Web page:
May each die-in act,
the last moments of the departed,
bind their deaths more tightly
into our national consciousness
and collective commitment to change.
— from “Grief and Struggle” prayer
Faith-based action brought the #BlackLivesMatter movement directly into Congressional space. The House Office die-in was designed to interrupt “business as usual” in the halls of Congress just as the new session begins.
“As people of faith, we are calling on Congress to take action on racial justice and heed the demands of the Black Lives Matter movement,” Stosh Cotler of Bend the Arc said, as she and dozens of other faith leaders left the Longworth House Office building, Jan. 21.
In addition to Bend the Arc, which has NY and DC offices, participants came from Auburn Seminary (NYC), Jews United for Justice (DC), Standing on the Side of Love, and a number of congregations in different denominations as well as unaffiliated Muslims, Jews, Christians, and others in support of DCFerguson and Black Lives Matter.
Although the action’s duration on the Longworth cafeteria floor was short — not quite the planned 4-1/2 minutes, as Capitol Police insisted that the faith gathering disperse — it is hoped the action will inspire further education and action on the part of individuals and congregations across the country… leading ultimately to many needed changes, including Congressional action.
Extend the moment yourself by learning more and following up.
Where the Work Gets Done
This protest came on the heels of the 2015 State of the Union address, in which Obama offered the briefest of nods to the movement, without ever uttering the words “black lives matter” in order. DCFerguson organizer Yasmina Mrabet said she did not “see any reform really happening from President Obama or his administration.” (See Huffington Post.)
“This is where the work gets done, so we wanted to be here, in this place to disrupt things,” said Stosh Cotler, CEO of Bend the Arc, a Jewish social justice organization. “We showed up today as people of faith to signal that Americans are not backing down.”
The commotion momentarily captivated the busy lunchroom, where many lawmakers and their staffs were eating during one of the first weeks of the new congressional session.
Colorlines: “Christian, Muslim and Jewish clergy and people of faith staged a die-in…”
Essence: “Black Lives Matter protestors went to Washington…”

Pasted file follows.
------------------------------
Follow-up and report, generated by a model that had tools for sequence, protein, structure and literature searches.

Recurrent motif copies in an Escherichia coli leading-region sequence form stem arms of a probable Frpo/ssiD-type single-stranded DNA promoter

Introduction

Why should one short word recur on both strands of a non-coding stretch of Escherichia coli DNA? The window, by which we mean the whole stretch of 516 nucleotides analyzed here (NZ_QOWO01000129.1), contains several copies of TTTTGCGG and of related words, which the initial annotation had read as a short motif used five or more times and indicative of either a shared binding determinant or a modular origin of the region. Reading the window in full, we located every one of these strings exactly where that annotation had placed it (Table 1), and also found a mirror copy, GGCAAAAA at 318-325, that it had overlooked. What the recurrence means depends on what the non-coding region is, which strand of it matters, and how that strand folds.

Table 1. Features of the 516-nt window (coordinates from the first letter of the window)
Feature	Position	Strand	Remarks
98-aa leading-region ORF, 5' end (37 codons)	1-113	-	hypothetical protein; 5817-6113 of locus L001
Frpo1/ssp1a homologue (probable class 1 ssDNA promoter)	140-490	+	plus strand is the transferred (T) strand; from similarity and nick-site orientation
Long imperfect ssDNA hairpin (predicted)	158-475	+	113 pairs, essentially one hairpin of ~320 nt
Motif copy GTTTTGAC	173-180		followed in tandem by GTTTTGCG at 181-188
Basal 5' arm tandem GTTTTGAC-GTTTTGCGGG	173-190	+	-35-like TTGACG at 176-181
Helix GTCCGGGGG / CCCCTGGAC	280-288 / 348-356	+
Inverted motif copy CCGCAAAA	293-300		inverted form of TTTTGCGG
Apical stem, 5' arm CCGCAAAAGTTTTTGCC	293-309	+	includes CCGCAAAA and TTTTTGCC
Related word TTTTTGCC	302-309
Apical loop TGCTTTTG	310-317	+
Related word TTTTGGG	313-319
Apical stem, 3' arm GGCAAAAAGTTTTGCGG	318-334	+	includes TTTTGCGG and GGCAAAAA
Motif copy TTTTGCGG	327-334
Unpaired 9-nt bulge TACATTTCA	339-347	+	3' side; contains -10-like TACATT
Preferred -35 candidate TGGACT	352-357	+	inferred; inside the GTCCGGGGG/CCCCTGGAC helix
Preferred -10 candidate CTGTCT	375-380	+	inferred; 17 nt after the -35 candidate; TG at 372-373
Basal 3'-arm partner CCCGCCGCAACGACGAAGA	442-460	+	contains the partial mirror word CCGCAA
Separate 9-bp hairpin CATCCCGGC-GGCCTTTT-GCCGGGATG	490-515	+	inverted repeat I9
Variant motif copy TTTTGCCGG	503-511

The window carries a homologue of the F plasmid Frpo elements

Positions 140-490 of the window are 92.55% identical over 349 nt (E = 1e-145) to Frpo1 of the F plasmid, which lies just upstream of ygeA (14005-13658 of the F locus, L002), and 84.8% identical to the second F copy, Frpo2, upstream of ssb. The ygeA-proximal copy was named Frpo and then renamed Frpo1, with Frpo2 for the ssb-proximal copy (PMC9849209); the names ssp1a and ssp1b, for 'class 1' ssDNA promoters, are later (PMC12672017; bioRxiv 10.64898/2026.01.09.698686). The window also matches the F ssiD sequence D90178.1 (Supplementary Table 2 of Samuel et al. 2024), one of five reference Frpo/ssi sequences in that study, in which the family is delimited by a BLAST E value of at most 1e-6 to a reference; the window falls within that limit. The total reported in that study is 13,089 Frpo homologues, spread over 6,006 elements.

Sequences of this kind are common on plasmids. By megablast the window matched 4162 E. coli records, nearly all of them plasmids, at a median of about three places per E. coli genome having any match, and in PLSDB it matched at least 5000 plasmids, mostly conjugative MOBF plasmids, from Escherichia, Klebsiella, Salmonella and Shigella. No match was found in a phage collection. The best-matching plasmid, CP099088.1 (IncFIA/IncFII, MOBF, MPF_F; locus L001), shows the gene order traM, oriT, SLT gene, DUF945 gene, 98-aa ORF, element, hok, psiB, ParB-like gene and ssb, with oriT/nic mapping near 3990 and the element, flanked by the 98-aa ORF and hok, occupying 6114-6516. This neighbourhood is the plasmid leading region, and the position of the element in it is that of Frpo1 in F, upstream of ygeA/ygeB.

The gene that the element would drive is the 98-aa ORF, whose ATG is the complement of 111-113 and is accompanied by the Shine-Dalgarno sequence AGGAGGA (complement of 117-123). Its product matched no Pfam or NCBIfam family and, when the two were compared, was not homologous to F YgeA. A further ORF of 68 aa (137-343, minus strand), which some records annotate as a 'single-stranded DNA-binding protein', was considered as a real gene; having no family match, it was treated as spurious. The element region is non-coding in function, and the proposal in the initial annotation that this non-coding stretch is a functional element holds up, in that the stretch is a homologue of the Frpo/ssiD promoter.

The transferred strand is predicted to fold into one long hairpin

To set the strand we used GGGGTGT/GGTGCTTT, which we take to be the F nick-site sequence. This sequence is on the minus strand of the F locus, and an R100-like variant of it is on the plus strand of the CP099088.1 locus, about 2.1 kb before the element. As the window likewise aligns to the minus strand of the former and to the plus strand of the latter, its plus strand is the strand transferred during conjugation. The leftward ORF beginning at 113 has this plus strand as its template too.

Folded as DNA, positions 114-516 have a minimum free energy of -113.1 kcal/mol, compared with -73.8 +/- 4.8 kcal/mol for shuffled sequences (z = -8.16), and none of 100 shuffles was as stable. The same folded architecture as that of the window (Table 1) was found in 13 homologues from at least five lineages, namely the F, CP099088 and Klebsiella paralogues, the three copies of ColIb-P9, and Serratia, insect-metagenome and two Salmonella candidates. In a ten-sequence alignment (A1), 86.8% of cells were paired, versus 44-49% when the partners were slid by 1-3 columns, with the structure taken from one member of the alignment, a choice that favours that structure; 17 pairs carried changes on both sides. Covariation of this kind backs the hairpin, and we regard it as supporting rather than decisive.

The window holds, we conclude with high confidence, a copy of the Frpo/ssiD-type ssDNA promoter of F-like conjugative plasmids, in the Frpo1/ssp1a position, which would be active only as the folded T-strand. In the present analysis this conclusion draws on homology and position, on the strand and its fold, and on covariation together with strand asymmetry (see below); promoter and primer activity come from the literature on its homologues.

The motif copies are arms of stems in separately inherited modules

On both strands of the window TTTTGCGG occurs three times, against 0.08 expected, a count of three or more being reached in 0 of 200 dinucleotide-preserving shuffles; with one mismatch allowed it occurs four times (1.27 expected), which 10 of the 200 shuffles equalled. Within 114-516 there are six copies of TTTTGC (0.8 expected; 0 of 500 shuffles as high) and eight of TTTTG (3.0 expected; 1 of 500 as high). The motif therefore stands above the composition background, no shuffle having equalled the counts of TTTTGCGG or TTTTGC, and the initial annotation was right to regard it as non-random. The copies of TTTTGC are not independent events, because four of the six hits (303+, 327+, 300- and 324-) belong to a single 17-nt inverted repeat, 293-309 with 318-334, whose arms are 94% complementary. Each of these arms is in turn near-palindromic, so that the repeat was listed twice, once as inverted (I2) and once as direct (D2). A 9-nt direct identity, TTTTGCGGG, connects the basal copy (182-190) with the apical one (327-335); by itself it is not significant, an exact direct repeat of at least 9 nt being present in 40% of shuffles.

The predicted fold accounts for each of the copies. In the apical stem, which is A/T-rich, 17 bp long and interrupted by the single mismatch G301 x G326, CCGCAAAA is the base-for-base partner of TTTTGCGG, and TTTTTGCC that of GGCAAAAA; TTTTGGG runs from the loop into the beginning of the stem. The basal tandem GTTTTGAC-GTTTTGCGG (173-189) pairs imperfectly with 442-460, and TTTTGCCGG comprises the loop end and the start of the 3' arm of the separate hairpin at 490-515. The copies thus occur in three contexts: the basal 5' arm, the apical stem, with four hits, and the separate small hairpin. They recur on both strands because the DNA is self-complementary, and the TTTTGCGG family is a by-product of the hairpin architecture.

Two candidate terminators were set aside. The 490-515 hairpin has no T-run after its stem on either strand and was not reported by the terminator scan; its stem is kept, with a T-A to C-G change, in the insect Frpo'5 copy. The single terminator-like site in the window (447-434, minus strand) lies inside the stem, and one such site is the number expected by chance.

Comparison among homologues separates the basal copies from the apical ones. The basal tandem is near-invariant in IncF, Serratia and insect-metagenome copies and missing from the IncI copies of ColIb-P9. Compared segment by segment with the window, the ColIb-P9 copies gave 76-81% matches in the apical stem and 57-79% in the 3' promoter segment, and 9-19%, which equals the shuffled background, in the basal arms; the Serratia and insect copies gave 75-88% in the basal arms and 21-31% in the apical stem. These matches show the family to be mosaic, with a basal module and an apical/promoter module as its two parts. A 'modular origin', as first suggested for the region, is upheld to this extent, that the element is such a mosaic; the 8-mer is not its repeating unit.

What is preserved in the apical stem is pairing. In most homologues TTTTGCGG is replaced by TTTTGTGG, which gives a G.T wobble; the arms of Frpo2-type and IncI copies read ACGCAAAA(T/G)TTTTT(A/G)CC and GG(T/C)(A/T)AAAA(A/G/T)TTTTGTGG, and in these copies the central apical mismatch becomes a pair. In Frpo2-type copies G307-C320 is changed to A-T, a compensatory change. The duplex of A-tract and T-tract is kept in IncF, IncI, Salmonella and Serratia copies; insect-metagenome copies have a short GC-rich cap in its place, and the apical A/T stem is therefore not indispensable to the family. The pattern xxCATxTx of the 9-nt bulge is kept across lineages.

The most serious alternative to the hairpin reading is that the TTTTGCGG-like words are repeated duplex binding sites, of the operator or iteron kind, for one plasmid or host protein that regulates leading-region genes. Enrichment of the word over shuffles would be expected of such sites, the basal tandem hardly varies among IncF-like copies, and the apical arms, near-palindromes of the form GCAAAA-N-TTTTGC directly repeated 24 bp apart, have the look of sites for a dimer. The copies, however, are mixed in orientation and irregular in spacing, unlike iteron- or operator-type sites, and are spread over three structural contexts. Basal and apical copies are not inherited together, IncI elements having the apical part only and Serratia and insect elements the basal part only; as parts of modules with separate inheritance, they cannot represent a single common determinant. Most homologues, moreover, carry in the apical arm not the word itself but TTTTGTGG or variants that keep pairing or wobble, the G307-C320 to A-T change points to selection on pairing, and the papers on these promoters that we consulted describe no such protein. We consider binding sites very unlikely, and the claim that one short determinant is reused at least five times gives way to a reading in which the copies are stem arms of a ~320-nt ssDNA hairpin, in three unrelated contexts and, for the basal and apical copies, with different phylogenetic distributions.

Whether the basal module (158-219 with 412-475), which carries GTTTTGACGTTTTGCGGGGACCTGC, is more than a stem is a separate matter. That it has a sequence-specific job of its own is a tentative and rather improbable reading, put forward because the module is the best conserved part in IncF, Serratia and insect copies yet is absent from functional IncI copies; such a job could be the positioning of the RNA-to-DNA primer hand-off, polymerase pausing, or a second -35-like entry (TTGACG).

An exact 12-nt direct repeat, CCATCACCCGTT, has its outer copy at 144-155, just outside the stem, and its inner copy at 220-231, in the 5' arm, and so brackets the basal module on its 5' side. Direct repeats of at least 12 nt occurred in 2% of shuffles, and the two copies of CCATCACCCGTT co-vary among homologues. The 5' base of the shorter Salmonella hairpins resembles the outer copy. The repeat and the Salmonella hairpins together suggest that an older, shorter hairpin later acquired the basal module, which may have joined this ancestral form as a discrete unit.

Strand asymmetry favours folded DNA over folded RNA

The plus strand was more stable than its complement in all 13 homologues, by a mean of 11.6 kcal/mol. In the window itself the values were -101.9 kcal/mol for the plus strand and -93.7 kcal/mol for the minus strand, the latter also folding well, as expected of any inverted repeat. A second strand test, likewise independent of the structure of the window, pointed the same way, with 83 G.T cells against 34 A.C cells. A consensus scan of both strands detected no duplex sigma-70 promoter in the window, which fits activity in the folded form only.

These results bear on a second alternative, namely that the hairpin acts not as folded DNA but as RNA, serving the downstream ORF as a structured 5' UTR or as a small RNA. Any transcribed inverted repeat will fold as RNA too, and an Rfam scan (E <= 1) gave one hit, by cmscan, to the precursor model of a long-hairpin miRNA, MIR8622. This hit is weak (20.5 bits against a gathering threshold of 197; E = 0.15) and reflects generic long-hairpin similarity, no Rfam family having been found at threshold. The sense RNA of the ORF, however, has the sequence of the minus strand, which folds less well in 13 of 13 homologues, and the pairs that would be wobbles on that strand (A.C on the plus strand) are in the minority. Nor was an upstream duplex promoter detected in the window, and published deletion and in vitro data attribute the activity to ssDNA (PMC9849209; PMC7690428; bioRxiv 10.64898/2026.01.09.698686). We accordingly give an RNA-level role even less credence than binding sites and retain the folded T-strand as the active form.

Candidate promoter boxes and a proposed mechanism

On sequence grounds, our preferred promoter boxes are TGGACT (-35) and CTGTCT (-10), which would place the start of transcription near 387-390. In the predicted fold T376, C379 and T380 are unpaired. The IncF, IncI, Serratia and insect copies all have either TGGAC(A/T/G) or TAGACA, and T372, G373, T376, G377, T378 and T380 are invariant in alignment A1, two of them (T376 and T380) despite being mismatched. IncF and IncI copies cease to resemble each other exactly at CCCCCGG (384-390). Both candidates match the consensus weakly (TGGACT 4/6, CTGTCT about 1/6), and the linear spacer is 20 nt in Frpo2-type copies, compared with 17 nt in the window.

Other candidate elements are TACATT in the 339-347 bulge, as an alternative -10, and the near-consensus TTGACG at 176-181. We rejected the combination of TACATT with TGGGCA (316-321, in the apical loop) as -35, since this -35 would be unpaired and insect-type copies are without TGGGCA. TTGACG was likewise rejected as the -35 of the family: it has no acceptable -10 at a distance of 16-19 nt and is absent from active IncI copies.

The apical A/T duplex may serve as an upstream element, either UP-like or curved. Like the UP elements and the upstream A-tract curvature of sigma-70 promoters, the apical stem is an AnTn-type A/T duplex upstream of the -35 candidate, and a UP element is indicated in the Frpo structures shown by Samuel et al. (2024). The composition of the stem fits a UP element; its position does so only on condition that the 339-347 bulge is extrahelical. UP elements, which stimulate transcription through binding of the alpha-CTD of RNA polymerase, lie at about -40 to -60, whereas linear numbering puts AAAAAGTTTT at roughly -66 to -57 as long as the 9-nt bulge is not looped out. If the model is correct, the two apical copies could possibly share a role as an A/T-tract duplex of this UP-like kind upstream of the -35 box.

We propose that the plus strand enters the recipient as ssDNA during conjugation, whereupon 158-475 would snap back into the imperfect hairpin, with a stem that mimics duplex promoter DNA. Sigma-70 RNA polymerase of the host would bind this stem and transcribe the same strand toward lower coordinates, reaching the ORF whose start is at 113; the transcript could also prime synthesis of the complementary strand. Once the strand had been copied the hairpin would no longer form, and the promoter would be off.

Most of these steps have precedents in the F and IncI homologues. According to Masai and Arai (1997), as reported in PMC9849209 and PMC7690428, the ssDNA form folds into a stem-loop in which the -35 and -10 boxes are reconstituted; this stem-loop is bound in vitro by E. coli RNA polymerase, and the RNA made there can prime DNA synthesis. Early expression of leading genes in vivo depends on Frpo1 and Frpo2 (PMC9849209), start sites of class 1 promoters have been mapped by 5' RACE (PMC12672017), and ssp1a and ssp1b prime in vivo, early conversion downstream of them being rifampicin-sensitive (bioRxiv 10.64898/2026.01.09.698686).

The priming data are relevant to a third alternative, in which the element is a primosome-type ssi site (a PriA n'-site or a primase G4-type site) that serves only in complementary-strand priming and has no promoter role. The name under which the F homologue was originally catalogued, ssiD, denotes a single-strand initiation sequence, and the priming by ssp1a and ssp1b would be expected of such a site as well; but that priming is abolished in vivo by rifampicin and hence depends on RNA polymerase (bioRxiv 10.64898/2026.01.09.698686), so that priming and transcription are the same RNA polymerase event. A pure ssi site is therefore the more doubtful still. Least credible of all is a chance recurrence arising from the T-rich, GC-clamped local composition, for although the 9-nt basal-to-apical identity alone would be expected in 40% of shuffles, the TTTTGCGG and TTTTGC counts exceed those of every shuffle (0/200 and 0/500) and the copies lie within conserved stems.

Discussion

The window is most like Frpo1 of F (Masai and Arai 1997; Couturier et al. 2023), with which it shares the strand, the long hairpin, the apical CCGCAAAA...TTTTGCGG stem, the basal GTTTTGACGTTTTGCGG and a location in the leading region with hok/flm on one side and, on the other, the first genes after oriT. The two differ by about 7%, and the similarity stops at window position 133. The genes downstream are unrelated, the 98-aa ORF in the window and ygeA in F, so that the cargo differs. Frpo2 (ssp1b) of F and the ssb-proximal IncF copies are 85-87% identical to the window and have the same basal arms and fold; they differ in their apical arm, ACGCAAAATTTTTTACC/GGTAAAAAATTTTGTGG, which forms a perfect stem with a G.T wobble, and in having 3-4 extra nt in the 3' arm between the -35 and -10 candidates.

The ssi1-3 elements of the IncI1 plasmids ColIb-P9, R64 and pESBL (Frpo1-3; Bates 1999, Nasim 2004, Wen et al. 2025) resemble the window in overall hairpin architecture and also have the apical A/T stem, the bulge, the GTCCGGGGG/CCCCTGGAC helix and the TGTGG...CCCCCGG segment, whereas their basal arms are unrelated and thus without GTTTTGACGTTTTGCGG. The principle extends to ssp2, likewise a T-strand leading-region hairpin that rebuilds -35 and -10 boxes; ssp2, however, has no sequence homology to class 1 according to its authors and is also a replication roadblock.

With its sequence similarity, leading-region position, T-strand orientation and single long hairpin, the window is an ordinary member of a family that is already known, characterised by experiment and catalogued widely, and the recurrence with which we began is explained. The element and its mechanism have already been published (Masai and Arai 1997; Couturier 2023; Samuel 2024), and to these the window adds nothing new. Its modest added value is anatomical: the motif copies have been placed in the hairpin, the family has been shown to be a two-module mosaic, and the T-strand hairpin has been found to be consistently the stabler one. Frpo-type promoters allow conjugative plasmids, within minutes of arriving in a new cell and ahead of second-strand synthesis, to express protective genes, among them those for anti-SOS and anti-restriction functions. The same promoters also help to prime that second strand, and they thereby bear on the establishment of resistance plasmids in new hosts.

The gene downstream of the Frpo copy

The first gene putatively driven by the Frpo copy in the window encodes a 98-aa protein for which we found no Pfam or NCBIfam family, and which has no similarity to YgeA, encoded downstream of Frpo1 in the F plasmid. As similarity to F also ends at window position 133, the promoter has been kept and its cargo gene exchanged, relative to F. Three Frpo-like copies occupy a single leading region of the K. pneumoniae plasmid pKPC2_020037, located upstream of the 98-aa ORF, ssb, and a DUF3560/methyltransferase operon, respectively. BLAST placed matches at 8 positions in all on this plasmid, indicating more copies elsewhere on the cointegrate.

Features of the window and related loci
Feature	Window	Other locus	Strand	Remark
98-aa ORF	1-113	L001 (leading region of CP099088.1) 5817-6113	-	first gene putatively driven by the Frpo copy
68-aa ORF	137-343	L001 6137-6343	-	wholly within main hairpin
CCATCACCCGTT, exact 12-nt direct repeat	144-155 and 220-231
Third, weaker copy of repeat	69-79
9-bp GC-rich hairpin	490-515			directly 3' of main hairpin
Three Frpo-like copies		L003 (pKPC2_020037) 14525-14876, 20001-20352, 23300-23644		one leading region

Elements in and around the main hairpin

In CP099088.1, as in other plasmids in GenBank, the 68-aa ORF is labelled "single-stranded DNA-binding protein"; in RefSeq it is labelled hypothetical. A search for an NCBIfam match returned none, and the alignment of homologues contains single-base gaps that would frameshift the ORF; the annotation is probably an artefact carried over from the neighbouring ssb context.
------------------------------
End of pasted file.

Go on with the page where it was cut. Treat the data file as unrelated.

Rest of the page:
New York Times: “Never come between a hungry lawmaker and lunch….”
Roll Call: with Thomas Williams’ photograph showing a “Cops say legalize pot” jacket becoming, not irrelevantly (however accidentally), part of the protest space.
Ferguson Demands for Congress
If you have representation in Congress — i.e., live anywhere but the last colony — tell your senators and representative that you expect action now on these Ferguson Demands:
A Congressional Hearing investigating the criminalization of communities of color, racial profiling, police abuses and torture by law enforcement:
Congressional hearings investigating the criminalization of communities of color and systemic law enforcement discriminatory profiling and other abuses especially at the local level—including an examination of systemic structures and institutional practices and the elevation of the experiences and voices of those most impacted. Congressional hearings will allow for a continuation of the national discussion about police abuse and it’s underlying causes.
Support the Passage of the End Racial Profiling Act:
Support for the passage of the End Racial Profiling Act (ERPA) which in law would prohibit the use of profiling on the basis of race, ethnicity, national origin or religion by law enforcement agencies.
The De-militarization of Local Law Enforcement across the country:
Strict limits on the transfer and use of military equipment to local law enforcement and the adoption of the Stop Militarizing Law Enforcement Act of 2014. The federal government should discontinue the supply of military weaponry and equipment to local law enforcement and immediately demilitarize local law enforcement, including eliminating the use of military technology and equipment.
If you live in DC, or visit the city or care about District residents, please learn about this matter, sign, and share:
Stop Jump Outs: Sign and share to stop the racially-biased and dangerous practice of “Jump Outs” (a sort of version of “Stop and Frisk”) in Washington, DC.